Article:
HONG KONG – The global medical community is distancing itself further from the researcher whose controversial gene-editing work has been condemned by scientists and the Chinese government.
A Chinese branch of the World Health Organization has withdrawn an application to register He Jiankui’s project in its clinical database. The move comes after China’s government halted He’s work, saying it would take a “zero tolerance attitude in dealing with dishonorable behavior” in research.
He has faced a global backlash after claiming to have produced the world’s first gene-edited babies in a bid to make them HIV-resistant. The project drew international criticism for its lack of transparency, with health officials and other scientists concerned that it raises ethical questions that will taint other work in the field.
The application to enter the database of the Chinese Clinical Trial Registry was rejected because “the original applicants cannot provide the individual participants’ data for reviewing,” according to the registry’s website.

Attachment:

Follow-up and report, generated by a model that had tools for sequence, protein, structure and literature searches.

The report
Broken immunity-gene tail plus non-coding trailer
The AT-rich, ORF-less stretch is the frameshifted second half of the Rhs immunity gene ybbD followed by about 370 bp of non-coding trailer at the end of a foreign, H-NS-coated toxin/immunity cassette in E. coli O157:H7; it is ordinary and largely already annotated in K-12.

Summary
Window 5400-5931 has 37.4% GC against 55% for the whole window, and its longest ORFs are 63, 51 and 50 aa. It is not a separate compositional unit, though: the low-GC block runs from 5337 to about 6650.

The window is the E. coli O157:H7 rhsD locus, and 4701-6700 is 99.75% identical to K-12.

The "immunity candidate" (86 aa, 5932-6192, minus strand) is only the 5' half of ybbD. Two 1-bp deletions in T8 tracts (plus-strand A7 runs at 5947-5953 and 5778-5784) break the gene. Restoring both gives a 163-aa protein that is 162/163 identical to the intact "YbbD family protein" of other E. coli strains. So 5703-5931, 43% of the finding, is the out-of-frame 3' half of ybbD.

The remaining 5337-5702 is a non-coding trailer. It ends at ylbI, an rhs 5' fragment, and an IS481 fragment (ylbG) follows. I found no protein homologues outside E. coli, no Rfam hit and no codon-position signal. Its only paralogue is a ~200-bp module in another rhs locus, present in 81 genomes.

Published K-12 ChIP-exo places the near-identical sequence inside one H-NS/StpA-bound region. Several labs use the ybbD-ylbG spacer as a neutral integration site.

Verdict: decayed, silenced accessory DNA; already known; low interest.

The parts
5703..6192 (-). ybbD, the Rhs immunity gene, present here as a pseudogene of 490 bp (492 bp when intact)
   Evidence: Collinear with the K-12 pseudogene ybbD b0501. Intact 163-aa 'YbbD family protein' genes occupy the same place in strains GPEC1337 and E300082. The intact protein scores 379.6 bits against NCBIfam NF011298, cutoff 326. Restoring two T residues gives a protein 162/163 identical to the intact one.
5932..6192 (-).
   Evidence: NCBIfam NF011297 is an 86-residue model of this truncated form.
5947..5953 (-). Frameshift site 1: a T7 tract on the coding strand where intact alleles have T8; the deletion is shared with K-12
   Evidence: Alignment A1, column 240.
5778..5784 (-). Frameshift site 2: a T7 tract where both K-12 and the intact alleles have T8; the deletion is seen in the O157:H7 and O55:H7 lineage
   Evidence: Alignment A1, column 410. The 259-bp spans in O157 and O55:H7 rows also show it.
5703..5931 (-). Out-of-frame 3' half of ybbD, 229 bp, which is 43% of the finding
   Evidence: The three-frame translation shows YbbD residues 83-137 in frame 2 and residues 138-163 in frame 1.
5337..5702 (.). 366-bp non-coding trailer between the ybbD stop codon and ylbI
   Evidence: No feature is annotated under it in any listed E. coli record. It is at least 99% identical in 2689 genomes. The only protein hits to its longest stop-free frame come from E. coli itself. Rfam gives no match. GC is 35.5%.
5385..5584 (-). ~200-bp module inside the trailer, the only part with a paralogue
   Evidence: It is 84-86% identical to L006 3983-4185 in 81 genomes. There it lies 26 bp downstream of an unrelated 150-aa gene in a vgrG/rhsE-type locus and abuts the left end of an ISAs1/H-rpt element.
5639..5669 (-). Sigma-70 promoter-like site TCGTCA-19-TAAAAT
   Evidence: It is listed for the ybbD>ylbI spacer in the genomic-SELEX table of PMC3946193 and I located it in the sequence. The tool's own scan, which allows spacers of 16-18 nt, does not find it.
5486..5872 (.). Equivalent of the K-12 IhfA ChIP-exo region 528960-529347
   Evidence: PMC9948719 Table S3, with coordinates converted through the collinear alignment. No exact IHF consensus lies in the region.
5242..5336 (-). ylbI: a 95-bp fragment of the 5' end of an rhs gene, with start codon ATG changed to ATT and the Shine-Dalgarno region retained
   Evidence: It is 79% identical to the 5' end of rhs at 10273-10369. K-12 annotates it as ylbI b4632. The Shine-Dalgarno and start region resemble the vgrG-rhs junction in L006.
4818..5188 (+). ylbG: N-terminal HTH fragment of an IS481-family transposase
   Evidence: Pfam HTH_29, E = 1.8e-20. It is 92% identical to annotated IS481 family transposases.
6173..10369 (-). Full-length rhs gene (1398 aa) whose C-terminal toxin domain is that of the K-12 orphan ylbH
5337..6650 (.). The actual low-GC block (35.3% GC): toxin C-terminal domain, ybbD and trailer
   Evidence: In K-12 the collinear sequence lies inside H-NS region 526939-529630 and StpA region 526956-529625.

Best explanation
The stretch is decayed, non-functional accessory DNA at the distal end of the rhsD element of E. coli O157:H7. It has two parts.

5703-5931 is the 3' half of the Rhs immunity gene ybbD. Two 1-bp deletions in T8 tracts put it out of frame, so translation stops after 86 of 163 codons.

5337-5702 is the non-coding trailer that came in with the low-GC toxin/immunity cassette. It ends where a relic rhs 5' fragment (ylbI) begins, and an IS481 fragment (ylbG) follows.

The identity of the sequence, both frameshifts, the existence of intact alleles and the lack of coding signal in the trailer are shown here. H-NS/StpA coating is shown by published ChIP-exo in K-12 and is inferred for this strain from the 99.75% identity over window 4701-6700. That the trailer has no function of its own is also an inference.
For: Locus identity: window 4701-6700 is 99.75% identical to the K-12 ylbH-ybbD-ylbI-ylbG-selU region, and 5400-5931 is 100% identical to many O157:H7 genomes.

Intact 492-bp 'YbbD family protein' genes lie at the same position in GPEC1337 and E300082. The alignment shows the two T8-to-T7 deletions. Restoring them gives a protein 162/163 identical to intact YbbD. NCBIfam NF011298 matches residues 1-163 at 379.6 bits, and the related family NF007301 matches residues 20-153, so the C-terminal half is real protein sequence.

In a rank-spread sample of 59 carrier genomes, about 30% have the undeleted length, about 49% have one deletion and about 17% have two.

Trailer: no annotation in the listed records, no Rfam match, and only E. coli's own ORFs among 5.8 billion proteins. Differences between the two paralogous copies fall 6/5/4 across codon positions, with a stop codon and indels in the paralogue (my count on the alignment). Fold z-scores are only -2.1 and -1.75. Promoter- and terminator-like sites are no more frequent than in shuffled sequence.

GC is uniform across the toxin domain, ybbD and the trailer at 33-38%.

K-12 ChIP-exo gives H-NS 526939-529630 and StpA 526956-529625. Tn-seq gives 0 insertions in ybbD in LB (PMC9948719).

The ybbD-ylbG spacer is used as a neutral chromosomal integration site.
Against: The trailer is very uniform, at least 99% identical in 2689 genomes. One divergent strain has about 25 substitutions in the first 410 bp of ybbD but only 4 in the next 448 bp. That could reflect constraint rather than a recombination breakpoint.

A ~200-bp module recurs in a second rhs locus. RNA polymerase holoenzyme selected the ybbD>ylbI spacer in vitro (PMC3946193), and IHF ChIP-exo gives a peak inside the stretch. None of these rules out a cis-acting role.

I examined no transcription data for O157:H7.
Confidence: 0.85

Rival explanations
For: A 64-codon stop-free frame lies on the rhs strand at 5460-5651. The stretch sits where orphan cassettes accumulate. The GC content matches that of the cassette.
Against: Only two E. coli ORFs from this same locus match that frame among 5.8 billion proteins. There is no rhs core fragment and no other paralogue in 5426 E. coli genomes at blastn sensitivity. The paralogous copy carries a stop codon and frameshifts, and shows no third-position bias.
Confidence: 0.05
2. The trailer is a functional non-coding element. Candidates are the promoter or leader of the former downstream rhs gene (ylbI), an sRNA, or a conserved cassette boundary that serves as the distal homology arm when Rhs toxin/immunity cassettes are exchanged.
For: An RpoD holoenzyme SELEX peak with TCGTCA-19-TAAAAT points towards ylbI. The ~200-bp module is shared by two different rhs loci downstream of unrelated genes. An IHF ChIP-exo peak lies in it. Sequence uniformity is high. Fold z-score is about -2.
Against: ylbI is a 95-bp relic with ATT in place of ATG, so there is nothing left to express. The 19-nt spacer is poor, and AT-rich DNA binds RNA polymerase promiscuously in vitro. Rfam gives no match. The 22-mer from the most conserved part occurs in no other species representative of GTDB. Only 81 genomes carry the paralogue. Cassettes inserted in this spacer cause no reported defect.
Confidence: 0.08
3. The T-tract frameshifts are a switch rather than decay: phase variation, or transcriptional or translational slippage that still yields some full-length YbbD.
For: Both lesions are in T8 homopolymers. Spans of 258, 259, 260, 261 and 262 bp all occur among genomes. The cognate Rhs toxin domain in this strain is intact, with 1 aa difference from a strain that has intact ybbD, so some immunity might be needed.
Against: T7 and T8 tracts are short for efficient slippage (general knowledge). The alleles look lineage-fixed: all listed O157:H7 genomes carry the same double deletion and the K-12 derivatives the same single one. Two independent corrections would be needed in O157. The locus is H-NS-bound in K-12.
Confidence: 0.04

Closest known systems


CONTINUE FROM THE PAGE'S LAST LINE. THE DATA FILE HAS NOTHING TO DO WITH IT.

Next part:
The application was uploaded to the website on Nov. 8 and updated on Nov. 30, the registry said. The site serves as a registry of Chinese trials. If the application is successful, project information is sent to the clinical trial platform of the WHO, and that data is then searchable on its global website.
He’s whereabouts are still unknown. Hong Kong newspaper Apple Daily cited unnamed sources earlier this month that the researcher was put on house arrest by his university, Southern University of Science and Technology in Shenzhen, but representatives of the university and He’s lab both declined to comment.
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